A major update to the PV grid integration database has taken place, shedding light on the relative ability of differing European countries to integrate PV into their electricity distribution grids.
The database allows installers and developers to drill down into the obstacles which impede different countries’ progress in delivering PV grid integration, such as legal and administrative requirements.
For example, it can take four times as long to get residential and commercial systems online in France as it can in Germany, with the legal requirements taking up to ten times longer.
Similarly, whilst Greece is nearly three times quicker to install residential systems than France, it is twice as slow at installing commercial systems. This is despite the manufacturing, delivery, and installation phases of a project being markedly quicker in Greece.
Overall, Germany is the quickest at installing residential and commercial systems whilst Sweden is the slowest. Bulgaria would appear to be the most expensive, with between 70 and 90 percent of the cost of installation going on legal fees compared to Germany’s 2–7%.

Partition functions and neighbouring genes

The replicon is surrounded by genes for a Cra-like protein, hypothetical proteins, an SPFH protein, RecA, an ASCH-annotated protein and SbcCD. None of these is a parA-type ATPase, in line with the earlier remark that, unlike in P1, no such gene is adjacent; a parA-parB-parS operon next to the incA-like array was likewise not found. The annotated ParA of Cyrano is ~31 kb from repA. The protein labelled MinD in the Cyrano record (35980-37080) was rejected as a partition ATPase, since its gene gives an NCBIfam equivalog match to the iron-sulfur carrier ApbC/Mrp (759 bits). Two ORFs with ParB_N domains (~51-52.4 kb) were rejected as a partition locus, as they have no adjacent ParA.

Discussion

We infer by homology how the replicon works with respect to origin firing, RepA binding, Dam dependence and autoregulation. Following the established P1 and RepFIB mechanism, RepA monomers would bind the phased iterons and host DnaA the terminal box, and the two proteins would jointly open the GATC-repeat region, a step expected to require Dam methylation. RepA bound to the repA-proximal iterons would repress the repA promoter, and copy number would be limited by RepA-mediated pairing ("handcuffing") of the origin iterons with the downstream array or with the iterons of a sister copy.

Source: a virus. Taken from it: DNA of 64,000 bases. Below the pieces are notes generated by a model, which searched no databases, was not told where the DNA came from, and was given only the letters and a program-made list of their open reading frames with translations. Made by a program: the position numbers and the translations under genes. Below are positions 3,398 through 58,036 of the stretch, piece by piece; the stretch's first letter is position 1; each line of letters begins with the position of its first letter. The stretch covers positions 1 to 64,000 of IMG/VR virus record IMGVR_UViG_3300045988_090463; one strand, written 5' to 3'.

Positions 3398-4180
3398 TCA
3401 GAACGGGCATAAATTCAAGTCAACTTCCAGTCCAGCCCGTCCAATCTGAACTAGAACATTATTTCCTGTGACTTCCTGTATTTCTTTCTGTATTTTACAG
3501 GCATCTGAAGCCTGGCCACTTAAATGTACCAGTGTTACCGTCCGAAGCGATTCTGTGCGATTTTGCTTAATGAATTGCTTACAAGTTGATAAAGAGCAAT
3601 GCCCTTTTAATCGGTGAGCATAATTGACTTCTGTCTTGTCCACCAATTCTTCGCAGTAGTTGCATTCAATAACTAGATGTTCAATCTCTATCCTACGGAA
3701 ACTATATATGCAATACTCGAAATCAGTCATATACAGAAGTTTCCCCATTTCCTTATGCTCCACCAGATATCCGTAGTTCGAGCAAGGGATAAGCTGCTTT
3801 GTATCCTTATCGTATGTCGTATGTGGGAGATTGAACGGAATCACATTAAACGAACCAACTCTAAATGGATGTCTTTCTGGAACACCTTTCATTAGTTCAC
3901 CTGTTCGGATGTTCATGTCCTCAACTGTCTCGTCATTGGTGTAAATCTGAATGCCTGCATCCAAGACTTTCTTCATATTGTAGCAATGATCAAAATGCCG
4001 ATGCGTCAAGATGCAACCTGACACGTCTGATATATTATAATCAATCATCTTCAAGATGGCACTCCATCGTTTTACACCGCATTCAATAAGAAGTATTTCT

The figures are revealing not just because they expose the huge differences between differing countries’ willingness to promote PV grid integration, but also how well they are progressing towards the EU’s renewables targets. These were established in 2009 and set an enforceable percentage for each country to achieve by 2020.
So, Sweden has the highest renewable targets at 49%, but has one of the slowest PV grid integration rates, taking up to 120 weeks for both residential and commercial installations to be completed. Interesting.
Whilst many US states have introduced renewables targets similar to the EU’s, some of which are enforceable, I’ve yet to see a similar comparison of what the obstacles are in each state to promoting PV grid integration. Given the EIA’s recent analysis of PV grid connectivity, it would make interesting reading.
Chris is a seasoned sustainability journalist focusing on business, finance and clean technology. His writing's been carried by a number of highly respected publishers, including The Guardian, The Washington Post and Scientific American. You can follow him on twitter as @britesprite, where he's one of Mashable's top green tweeters and Fast Company's CSR thought leaders. Alternatively you can follow him to the shops... but that would be boring.